Monument Valley

Marking the border between Arizona and Utah, Monument Valley is best known for the towering red stone buttes which stand isolated in the valley’s center. While not a national park (as it lies within the Navajo Nation Reservation, the valley is however a Navajo Tribal Park), the valley nevertheless surpasses the beauty of many national parks. It’s not for nothing that over the years the area has become a prominent film shooting location – many westerns were shot here as well as iconic films such as Thelma and Louise.

Monument ValleyThe beautiful Monument Valley

In fact, Monument Valley is not a valley at all, but a flat landscape from which the red buttes protrude, evidence of sandstone sediments that once covered the region. While most of the sediment did not withstand the forces of weathering, these magnificent structures managed to survive the wind and water working constantly to grind them down. It is likely that in a few million years these unique formations will disappear and give way to dunes of brittle sand.

You should start your visit at the park’s Visitor Center, accessed from highway 163 (Monument Valley Rd). From the visitor center you can drive down to valley and take the dirt loop road which leads to the valley’s beautiful sites. The road is 17 miles and its quality is reasonable, although it is not suitable for RVs (in recent years maintenance of the road has declined in order to encourage the local off road tour operators). You can also drive around the valley in an off-road vehicle with a local Navajo guide. In this case, ask your guide to take you to the ‘Restricted Areas’ which are inaccessible without a local guide. You can rent a vehicle and guide near the visitor center. It is also recommended to go for a horse ride in the valley. Horses can be rented at several points in the valley and there is no need to book in advance.

See a map of the park’s loop road:

Important info:

– Entrance fee to the park is 8$ per person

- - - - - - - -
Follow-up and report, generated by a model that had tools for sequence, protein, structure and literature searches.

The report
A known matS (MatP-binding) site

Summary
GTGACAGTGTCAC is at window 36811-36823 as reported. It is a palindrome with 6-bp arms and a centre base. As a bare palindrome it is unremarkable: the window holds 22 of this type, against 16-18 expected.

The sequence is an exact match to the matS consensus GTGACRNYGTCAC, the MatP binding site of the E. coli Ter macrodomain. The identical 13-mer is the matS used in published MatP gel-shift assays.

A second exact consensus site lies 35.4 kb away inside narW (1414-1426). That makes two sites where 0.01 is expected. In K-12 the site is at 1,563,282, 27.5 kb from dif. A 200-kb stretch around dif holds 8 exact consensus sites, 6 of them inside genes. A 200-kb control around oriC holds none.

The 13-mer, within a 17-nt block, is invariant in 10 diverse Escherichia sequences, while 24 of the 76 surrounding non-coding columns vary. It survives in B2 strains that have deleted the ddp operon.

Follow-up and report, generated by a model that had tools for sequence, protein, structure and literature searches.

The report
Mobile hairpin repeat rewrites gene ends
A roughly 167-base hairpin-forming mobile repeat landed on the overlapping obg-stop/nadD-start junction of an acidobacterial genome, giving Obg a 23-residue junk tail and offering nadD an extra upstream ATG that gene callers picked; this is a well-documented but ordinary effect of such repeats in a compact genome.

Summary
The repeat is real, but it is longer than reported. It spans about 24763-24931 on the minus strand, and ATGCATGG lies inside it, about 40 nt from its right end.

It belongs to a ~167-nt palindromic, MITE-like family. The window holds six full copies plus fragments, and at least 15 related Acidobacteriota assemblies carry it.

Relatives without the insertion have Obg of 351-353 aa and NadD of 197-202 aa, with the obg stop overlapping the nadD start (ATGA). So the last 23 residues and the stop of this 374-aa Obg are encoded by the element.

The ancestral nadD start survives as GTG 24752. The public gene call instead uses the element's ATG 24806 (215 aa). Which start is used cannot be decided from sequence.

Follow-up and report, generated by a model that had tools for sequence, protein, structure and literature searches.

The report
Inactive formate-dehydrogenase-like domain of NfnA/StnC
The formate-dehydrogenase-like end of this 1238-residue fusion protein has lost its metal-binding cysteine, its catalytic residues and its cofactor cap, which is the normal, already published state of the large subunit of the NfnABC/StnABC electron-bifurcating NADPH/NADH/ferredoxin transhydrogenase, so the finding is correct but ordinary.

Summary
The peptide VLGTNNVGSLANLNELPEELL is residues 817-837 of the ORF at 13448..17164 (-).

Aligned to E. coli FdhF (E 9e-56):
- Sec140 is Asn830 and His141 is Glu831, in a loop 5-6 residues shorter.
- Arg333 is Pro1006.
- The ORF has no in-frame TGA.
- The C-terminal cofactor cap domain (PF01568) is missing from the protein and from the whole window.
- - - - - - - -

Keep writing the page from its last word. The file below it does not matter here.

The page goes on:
– For opening hours click here

– For tour operators click here

Horse riding in Monument ValleyA horse ride in the valley valley

As Monument Valley is located in the Navajo Nation Reservation, access to it is limited, and so is the availability of hiking trails. The only trail that you can hike without a guide is Wildcat Trail that starts near the visitor center. The trail is three miles long and circles West Mitten Butte. Sunset is an especially good time to hike this gorgeous trail, as the dessert colors itself in an orange and red cover. There are of course other trails in the park, but to hike them you will need a local guide.

There are several lodging options in the park:
The View Hotel, which as its name implies offers stunning views of the valley, and also has a campground, Goulding’s Lodge Hotel which too has a campground, and the Monument Valley KOA Campground. 

RV in Monument Valley

For more up to date information, check out the park’s website.

Interesting facts about Monument Valley:

  • Monument Valley lies within the territory of the Navajo Nation Reservation, which is about 27,400 square miles large. About 200,000 Native Americans live in the reservation, living mainly off agriculture and tourism. In contrast to the regions great beauty, local residents suffer many hardships. Poverty, alcoholism and collapse of the traditional tribal system have all caused, and still cause, great damage to the Navajo people, and to Native Americans all through the US in general. Reservations such as the Navajo Nation, where Native Americans are granted partial autonomy in their homelands are part of an effort to compensate these people for the injustices done to them. Many of the natural features of Monument Valley are sacred in the local Navajo religion.
  • Monument Valley lies in an area called the Four Corners – the meeting point between the borders of four states: Utah, Arizona, New Mexico and Colorado. The region is characterized by magnificent rock formations and deep sandstone canyons sculpted by water and wind.
  • The summits of Monument Valley’s famous buttes are made of hard sandstone, while the lower parts are comprised mostly of softer clay. As clay is less durable than sandstone, it weathers faster, leading to the steep topography characterizing the unique buttes.

For more destinations in the American Southwest click here.

See here some Monument Valley activities suggestions:

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